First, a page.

Over the next two years, sophomores Clare Gamma, Rushien Maghsoud, Sophia Papademetriou, Ella Perkins, Lacey Somwaru, and Shannon Yehl are partnering with a catering company in Bauchi State, Nigeria, to bolster their business and support the broader community.
They are connected to the company through the International Business Internship Program, which offers high school students two-year internships with small businesses in the developing world. The program is organized by Washington, D.C.-based Leadership Initiatives, a 501(c)3 international nonprofit that helps students gain real-world experience, explore future careers, develop leadership skills and experience college life.
“As sophomores, you never really get this opportunity, so when Sophia presented it to us, I wanted to jump at it right away,” said Clare Gamma, whose role as an intern is to co-lead fundraising efforts for the catering business. “Helping people in Nigeria is going to expand all of us and make us more thankful for what we have in our lives.”
With the help of a translator, the group will meet with representatives from the catering business over video chat and help brainstorm strategies for promoting and sustaining the enterprise. The group is organizing monthly fundraisers, such as candy bar sales and Chick-fil-A benefit events, with proceeds benefiting the catering business.
“Our ultimate goal is to step outside our community and get new insights and work with new people. Definitely my goal is to increase my knowledge of leadership, gain more experience in the world as a whole and help our business in general,” said Sophia, who is the team lead and organized the group. “I know we’re not doing much work in the whole world, but specifically it’s going to help this community and the economics in Nigeria. I think that it should be a benefit.”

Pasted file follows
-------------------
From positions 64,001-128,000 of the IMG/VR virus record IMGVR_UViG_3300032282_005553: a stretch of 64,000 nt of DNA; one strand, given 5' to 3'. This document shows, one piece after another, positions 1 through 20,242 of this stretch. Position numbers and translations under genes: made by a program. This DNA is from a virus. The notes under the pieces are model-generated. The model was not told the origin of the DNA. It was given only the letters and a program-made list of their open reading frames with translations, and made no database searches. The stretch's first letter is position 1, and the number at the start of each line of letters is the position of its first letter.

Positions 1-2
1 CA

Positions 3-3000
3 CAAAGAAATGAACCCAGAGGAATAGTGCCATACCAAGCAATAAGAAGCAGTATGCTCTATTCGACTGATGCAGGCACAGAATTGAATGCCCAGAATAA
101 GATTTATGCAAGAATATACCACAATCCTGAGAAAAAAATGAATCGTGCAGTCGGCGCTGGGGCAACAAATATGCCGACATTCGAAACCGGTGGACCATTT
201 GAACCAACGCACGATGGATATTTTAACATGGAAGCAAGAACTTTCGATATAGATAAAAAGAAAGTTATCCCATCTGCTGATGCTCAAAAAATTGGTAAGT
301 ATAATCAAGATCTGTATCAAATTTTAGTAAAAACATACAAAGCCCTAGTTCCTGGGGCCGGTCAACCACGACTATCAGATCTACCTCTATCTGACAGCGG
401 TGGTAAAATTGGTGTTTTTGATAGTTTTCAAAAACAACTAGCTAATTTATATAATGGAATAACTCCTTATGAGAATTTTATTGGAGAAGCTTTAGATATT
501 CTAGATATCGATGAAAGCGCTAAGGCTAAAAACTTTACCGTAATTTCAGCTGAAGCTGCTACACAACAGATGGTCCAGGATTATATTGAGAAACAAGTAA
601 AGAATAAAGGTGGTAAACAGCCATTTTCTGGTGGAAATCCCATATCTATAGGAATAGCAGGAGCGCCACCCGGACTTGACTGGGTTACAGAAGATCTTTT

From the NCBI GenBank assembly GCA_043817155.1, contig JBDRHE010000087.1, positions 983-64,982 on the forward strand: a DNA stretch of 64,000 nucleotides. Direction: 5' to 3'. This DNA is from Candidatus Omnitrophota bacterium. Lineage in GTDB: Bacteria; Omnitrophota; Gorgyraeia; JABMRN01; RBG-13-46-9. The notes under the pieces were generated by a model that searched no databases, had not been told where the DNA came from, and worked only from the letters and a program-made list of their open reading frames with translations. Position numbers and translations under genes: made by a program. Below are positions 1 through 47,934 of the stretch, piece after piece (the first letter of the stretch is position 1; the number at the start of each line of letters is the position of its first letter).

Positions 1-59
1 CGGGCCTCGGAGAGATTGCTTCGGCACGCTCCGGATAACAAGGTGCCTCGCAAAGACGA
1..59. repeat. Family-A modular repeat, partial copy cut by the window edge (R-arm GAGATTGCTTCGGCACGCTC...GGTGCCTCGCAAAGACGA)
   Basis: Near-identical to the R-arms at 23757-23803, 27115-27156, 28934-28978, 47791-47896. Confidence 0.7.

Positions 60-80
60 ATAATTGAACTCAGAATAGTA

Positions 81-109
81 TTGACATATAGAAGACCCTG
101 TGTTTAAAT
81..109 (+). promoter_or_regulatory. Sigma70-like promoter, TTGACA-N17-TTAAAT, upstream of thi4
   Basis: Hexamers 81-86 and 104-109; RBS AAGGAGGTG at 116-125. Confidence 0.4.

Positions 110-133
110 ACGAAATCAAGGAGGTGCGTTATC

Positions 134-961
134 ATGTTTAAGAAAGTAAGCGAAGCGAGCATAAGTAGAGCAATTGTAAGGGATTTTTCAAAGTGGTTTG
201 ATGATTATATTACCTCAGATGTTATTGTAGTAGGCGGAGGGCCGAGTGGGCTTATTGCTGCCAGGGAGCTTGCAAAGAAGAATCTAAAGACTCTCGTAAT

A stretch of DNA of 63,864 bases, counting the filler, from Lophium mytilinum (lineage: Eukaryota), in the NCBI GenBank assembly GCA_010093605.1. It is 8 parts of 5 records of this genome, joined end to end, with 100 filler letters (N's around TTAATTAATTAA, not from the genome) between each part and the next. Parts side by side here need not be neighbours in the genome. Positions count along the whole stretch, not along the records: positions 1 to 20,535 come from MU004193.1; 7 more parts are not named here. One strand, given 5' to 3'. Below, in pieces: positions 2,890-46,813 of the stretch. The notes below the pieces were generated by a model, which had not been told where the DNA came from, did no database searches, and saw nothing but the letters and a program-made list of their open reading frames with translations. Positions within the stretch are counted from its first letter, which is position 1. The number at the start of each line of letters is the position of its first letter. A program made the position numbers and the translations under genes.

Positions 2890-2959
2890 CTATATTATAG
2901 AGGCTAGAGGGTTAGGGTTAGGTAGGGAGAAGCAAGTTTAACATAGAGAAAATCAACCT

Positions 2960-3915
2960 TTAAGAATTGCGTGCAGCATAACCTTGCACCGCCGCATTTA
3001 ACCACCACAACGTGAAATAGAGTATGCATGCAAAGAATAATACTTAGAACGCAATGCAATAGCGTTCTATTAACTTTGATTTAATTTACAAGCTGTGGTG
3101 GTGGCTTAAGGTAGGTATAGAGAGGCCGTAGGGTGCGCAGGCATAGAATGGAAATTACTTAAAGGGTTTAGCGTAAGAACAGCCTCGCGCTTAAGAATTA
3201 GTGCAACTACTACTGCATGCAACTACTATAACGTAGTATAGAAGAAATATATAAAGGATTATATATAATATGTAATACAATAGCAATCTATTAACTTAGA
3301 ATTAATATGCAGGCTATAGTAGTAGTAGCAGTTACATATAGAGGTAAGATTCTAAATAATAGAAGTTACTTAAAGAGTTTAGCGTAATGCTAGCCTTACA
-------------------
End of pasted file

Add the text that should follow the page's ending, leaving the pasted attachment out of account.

After speaking with their business partner in Nigeria for the first time in November, the group identified strategies to help her catering company, such as creating a system to keep track of business records and buying a food truck with an interior inspired by design thinking to make deliveries and cooking more efficient.
Shannon, who is a co-chair of fundraising with Clare, said the internship has exposed her to the challenges of running small businesses in developing countries.
“Beforehand I didn’t realize businesses like catering, hair salons, and photographers were struggling. I never realized that it was a problem,” she said. “I feel like this is another way to get involved around the world.”
Students said values of community and inclusivity, instilled in them at St. Andrew’s, have shaped a mindset that has helped them dive deeper into this project.
“St. Andrew’s taught me to be aware of the people around you and how you can help them, even if it’s just small things,” said Lacey, who is the group’s media chair. “It’s made me realize I should be doing things to help my close community but also the global community.”